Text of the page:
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July 25--Tough rules imposed by Florida's insurer of last resort are slamming thousands including a 97-year-old widow losing coverage entirely, but customers see hardball tactics for them and a relaxed attitude for globetrotting brass at state-run Citizens Property Insurance Corp.
The company's chairman paid back travel costs that overshot company limits on his second trip to Bermuda of 2014 after The Palm Beach Post asked for the records, documents show. Foreign destinations also have included Zurich and London among travels by at least five company officials this year, records show.
"I think it's outrageous," said Lake Worth resident Diane Jacques, who is battling Citizens on a claim. "The point of paying homeowners insurance is not to keep them in lobster and filet mignon as they hit all these exotic ports of call."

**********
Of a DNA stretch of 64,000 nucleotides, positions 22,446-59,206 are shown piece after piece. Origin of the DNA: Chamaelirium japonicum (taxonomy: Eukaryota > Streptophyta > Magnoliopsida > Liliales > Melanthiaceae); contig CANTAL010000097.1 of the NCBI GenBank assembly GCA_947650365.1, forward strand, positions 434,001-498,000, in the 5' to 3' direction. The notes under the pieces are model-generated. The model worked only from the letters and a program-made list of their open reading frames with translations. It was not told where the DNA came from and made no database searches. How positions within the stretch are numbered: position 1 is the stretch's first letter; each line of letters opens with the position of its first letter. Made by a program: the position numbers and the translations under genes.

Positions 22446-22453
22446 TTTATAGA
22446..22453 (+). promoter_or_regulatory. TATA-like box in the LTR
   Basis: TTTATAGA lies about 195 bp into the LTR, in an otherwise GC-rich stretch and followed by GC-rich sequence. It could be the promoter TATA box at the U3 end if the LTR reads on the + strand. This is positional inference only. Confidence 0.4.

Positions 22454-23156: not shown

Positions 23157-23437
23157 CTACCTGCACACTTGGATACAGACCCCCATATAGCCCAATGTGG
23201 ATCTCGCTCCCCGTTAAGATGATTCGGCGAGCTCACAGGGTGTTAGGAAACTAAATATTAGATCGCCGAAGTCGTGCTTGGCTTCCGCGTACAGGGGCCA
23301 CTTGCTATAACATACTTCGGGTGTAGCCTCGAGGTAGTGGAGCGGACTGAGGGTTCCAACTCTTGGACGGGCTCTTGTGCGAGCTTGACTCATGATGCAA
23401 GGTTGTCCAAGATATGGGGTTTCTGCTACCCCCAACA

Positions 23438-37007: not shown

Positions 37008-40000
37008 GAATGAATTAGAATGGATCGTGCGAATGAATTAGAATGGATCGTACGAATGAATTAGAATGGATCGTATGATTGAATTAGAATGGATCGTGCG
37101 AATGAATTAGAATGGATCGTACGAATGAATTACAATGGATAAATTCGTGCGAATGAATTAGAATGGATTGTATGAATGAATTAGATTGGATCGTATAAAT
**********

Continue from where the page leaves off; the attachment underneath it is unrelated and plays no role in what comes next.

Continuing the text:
Citizens approved a $425 per night bill at the Fairmont Southampton resort for board chairman Chris Gardner for a two-day stay in April, records show. The cost exceeded a $373 limit for Bermuda hotels that Citizens imposed on itself to reassure the public last year after an inspector general's report criticized the company for weak spending oversight.
After The Post asked for the records, Gardner wrote a check to Citizens refunding the difference -- $104 on May 30. The company made a copy of the check available last week, along with a May 22 memo showing Citizens asking for reimbursement on the hotel charges at the chairman's request.